Introduction to Fourier Transforms and Quantitative image Processing

Hey Scientists,

For those looking for a beginner level introduction to Fourier transforms and quantitative image processing, here is a talk I gave this year at the Advanced Imaging Methods Workshop: https://www.youtube.com/watch?v=Gsi8Cfy_3Po

It starts with an introduction to 2D Fourier Transform power spectrums and how to interpret them, then goes into filters and what each filter does to the information content of the image. I then go through real-world examples of how you can use just median filters, Gaussian blurs, and image calculator to denoise images and movies that appear at first glance to have an intractable background.

I then cover the basic math underlying deconvolutions, how perfect deconvolutions are theoretically possible, and then why real-world deconvolutions are inherently imperfect. And finish with using custom kernels to enhance image contrast (specifically showing the emboss kernel).

Unfortunately, this was a talk given virtually, and the platform was having a pretty significant video lag. That said, you can follow along with the talk yourself, go through the macro demo, and get all the example images covered in the talk here: http://bit.ly/3cYm4Z6

Cheers,
Ben Smith

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Great talk! I think one of the issues was the compression level they were using for the video stream - in some cases you can really see the encoding - and in others the little spots don’t show up at all. Nothing you had control over though.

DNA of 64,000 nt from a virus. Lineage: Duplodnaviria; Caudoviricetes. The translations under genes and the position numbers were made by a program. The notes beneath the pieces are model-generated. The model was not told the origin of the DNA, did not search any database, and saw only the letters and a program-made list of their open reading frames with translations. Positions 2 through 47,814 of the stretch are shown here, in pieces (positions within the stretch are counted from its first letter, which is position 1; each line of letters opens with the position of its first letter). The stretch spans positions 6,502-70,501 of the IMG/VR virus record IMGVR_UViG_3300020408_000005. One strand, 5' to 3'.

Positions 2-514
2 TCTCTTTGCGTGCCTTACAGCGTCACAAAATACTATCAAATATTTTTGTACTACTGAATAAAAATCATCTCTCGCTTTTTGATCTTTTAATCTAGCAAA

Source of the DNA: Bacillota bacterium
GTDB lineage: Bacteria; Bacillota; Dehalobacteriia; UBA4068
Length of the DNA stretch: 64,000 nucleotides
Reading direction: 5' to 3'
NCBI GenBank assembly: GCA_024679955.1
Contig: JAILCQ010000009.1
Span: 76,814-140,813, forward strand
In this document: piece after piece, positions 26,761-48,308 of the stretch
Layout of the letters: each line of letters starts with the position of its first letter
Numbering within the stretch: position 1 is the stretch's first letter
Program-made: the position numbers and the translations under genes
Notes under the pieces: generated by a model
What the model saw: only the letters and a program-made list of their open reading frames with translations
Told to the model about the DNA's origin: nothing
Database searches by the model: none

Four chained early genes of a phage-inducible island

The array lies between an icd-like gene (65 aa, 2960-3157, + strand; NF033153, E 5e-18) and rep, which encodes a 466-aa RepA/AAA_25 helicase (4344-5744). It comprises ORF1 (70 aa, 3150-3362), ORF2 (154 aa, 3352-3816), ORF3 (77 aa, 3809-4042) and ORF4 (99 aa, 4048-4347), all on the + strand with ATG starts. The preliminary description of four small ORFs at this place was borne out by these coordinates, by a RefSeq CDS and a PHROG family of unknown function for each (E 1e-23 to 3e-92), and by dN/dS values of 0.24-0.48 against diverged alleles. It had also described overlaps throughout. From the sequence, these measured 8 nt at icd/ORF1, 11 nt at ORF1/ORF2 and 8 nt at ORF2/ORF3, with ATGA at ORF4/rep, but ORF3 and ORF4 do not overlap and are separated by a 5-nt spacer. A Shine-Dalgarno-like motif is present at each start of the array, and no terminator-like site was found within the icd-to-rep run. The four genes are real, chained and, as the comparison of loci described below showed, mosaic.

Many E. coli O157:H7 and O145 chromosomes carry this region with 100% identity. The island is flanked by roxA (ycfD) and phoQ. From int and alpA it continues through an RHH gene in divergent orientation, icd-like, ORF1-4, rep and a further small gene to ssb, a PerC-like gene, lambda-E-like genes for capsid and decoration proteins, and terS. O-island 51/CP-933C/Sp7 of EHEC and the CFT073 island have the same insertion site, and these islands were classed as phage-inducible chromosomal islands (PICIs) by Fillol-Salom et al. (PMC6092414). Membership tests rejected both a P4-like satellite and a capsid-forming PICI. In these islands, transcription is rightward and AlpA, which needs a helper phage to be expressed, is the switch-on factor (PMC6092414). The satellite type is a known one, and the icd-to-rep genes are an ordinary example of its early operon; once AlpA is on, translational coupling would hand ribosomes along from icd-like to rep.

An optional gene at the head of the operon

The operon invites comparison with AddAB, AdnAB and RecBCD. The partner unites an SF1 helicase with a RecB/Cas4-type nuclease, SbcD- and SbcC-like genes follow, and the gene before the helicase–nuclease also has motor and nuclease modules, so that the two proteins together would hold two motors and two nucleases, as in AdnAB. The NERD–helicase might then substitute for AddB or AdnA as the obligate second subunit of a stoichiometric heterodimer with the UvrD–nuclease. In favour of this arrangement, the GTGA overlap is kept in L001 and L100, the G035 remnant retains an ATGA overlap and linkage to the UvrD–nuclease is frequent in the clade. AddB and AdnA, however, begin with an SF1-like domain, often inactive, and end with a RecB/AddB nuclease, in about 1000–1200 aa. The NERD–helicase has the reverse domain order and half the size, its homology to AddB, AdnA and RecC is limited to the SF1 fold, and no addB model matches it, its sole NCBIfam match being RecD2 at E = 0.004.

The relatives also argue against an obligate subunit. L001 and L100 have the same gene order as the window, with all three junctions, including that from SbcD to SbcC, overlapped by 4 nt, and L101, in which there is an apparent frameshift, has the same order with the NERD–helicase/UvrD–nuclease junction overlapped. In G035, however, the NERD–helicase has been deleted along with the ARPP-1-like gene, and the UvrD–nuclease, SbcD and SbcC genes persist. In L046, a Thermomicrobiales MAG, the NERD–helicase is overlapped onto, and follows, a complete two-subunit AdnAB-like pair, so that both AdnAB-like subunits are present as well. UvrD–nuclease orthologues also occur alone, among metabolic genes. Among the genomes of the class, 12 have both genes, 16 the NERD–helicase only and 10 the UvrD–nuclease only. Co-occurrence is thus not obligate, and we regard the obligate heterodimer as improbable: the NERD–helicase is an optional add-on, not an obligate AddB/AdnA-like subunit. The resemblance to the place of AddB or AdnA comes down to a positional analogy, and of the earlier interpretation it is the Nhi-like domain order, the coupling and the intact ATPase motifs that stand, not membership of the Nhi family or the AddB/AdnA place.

I often wish I could see my image analysis talks from the viewer’s point of view - during the talk - so that I know if what I am seeing is the same as what they are seeing!!

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I can see the Matrix…

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@allopatry If the universe is a hologram, does that mean everything we perceive is just the inverse transform of reality?
>.>
<.<

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A hologram per se has nothing to do with the Fourier-Transformation.
Only some very special holograms make use of the FT.

And never forget:
Holography is wavefront reconstruction that says nothing about the inside of objects and at best something about the hull.